Government pays off $10 million debt early

MLA Winston Connolly would like to see solar panels installed on the roof of the Government Administration Building. - PHOTO: CHRIS COURT

The Cayman Islands government this year will pay off up to $10 million in debt early, according to Finance Minister Marco Archer.

The money will go toward retiring the debts of several statutory authorities and government companies which are managed outside of central government.

According to Mr. Archer, the largest amount – a bit more than $6 million – will go to the Cayman Islands Development Bank. The repayment of debt for the development bank includes amounts borrowed for loans guaranteed by the government that were not repaid by those who received them.

Amounts not exceeding $1 million will go to Cayman Airways; a $1.25 million payment will go to the Health Services Authority; and up to $1.41 million will be given to the Cayman Turtle Centre.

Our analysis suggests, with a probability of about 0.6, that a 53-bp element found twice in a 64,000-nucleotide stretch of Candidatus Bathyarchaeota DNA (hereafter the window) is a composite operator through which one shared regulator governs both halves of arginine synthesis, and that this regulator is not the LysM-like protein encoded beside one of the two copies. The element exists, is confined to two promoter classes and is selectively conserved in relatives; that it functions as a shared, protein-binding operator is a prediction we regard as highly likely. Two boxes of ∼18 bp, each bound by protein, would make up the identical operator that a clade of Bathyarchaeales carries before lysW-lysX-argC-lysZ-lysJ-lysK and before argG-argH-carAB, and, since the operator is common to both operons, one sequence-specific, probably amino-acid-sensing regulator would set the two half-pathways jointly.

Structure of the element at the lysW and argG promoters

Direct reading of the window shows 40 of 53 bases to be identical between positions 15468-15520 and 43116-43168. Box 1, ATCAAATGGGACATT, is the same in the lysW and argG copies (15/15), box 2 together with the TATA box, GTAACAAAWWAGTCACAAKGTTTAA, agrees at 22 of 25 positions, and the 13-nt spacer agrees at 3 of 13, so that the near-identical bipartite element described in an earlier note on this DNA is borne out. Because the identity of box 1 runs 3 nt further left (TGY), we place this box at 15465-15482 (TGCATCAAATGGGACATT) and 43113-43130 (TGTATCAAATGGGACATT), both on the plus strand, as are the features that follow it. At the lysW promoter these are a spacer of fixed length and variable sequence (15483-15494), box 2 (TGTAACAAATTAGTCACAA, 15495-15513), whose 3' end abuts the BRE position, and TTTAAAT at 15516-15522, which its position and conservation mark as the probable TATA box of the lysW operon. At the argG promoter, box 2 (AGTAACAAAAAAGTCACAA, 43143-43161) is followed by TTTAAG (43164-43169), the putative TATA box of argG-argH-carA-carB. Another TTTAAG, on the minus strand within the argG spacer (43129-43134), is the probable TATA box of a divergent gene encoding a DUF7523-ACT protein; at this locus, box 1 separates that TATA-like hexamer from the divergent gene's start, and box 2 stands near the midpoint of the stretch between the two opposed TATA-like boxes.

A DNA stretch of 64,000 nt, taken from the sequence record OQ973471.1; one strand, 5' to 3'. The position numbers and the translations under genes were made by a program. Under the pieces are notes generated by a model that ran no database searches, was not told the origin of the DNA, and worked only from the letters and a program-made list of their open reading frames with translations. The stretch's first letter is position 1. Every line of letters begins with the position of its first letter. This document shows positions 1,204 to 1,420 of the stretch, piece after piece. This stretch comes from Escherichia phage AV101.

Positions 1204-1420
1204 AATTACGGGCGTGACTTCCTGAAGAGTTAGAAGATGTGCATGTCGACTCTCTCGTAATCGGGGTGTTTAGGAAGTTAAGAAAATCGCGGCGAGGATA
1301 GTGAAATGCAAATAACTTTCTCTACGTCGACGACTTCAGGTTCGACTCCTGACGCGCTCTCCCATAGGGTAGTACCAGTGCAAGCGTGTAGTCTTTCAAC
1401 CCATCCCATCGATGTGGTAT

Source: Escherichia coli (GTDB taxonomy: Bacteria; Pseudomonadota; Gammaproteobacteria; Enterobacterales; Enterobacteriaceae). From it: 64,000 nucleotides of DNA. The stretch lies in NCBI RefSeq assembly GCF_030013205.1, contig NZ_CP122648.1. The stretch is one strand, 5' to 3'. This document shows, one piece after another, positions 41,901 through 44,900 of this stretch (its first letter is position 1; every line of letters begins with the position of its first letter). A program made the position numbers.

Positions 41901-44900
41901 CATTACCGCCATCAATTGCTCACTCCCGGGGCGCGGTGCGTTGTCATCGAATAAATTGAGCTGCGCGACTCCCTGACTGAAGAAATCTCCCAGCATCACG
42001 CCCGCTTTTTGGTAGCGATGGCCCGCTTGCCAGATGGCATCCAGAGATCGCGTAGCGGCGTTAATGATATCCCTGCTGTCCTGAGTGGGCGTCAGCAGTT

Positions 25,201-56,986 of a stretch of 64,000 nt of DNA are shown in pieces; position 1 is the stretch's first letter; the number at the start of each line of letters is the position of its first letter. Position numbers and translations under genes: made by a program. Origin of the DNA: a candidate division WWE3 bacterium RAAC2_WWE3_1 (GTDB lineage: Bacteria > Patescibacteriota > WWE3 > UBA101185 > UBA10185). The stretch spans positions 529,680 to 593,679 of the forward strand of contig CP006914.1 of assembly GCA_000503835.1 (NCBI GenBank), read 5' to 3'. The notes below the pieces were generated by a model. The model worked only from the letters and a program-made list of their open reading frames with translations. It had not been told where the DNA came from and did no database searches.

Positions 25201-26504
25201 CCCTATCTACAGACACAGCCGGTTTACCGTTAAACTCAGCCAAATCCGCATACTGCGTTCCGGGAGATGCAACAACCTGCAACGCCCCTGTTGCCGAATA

“The government will write to the relevant [statutory authorities and government companies] to make clear that the additional payments should be applied to that [debt] and no other purpose,” Mr. Archer said.

Minister Archer announced early this year the government’s intention to repay some of government’s more than $600 million in outstanding loans if it could obtain the agreement of the U.K. Foreign and Commonwealth Office to do so under current financial management agreements.

Debt held by the central government – which accounts for about $500 million of the total debt the Cayman Islands government maintains – could not be paid off early without penalties under the existing loan agreements, Mr. Archer said. This was the reason the government chose to pay off the authorities’ debts instead, he said.

Up to $10 million in payments should serve to lower Cayman’s overall debt costs in future years, if no further long-term borrowing is undertaken by government, Minister Archer said.

Minister Archer’s goals for paying off government debt include the potential for Cayman to pay off a US$312 million bullet loan, due in November 2019, all at once if government can manage it.

The government has amassed more than $400 million in operating surpluses over the past four years and has lowered the central government debt balance by about $75 million.

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